On April 6, 2018, the U.S. Department of Justice announced the seizure and shutdown of Backpage. This move was part of a 93-count indictment of seven former owners and executives, charging them with facilitating prostitution under the U.S. Travel Act.
The situation Backpage found itself in has been an example of what happens to many businesses considered “high risk”. While users of the site say what they do “is 1,000 percent legal”, they typically soon find out that their accounts have been shut down or money taken away. In fact, banks are allowed to freeze deposits or entire accounts if they believe fraud or suspicious activity is occurring.
Even crypto payments have been unable to save these accounts. After Visa and Mastercard cut off ties from Backpage back in 2015 (as allegations grew), the site started processing payments in cryptocurrency. Just days after the end of Backpage, a series of bills when into law aimed at curbing sex trafficking.
Known as the Allow States and Victims to Fight Online Sex Trafficking Act (FOSTA) and the Stop Enabling Sex Traffickers Act (SESTA), the aim of these laws is to shut down websites that facilitate sex trafficking online by increasing liability for third-party platforms. Not all involved are happy about these new laws, however.
Sex workers and advocates argue that, while these laws are well-intentioned and address a very real issue, the laws are vague enough that it could harm those conducting business legally. Some say this has already been the case as banks and investigators have tracked down and shut down many accounts.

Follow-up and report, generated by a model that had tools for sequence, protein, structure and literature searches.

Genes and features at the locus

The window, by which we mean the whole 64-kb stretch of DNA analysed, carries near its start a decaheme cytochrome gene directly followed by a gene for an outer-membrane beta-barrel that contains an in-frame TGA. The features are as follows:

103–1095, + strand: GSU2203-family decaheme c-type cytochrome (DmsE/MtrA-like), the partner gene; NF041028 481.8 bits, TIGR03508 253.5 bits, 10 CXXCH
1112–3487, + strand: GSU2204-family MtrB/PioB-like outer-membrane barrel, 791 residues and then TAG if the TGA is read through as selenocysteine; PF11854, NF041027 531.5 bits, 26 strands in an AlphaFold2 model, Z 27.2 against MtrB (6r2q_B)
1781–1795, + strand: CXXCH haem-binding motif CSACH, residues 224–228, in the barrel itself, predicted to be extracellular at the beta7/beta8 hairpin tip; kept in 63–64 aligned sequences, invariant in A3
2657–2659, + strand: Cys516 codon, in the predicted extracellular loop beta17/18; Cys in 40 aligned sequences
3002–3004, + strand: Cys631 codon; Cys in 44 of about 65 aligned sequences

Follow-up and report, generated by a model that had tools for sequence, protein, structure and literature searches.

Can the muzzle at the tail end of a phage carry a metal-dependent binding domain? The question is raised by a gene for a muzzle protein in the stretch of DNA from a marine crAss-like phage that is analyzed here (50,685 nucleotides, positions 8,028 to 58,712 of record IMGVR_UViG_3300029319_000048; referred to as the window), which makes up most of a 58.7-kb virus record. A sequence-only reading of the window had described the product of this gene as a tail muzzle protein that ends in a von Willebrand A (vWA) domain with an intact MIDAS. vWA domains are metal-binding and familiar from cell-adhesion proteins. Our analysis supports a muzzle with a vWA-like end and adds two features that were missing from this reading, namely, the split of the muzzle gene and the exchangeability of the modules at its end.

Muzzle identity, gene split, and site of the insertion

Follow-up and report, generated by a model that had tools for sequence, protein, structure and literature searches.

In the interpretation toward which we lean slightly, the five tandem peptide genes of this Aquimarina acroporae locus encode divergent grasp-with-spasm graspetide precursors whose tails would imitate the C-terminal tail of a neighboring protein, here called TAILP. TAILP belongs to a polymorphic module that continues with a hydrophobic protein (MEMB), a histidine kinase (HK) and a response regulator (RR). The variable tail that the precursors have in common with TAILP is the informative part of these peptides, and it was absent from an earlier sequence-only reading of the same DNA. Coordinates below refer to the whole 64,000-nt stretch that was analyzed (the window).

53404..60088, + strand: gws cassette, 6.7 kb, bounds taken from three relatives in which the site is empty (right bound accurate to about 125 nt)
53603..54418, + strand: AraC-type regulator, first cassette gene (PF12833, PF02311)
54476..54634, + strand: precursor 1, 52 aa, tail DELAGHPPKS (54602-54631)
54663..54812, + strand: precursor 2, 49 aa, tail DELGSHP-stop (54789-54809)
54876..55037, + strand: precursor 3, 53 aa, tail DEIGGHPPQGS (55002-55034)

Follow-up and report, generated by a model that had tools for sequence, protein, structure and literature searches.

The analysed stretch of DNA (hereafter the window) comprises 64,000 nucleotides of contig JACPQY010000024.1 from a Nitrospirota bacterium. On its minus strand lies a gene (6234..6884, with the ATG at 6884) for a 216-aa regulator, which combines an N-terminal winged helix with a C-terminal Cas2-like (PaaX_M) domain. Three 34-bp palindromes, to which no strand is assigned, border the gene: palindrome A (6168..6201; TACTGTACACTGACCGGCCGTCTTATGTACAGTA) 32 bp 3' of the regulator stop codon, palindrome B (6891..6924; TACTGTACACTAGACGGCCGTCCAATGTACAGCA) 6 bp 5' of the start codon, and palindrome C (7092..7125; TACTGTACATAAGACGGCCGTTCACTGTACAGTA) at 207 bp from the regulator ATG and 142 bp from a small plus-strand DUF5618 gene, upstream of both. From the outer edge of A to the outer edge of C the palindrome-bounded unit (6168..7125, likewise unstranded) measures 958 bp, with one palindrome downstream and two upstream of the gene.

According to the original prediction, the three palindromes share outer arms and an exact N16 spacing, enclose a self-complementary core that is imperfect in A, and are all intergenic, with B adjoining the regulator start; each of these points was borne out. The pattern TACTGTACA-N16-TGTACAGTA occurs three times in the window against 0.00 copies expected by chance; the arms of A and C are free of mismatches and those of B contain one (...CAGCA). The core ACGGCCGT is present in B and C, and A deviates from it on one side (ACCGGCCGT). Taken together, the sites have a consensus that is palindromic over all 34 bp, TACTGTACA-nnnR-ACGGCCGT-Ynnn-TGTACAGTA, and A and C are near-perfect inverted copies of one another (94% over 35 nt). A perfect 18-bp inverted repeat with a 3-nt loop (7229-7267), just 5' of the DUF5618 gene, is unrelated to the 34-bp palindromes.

“Folks had their accounts closed by either banks or fintech companies that also frequently froze the money they had in those accounts, and they had difficulties getting that back,” said Spencer Watson, Executive Director of the Center for LGBTQ Economic Advancement and Research (CLEAR).
“Some were completely unable to get that back or some had to wait weeks or more in order to have the check from the proceeds of their bank account delivered to them.”
For now, it would seem the only alternative for individuals and sites in this industry operating legally is to turn to a high risk payment processing provider that specializes in working with those in this industry. They understand the challenges the industry faces and provide the services necessary to process transactions safely.
Blair Thomas has been a music producer, bouncer, screenwriter and for over a decade has been the proud Co-Founder of eMerchantBroker, the highest rated high risk merchant account processor in the country. He has climbed in the Himalayas, survived a hurricane, and lived on a gold mine in the Yukon. He currently calls Thailand his home with a lifetime collection of his favorite books.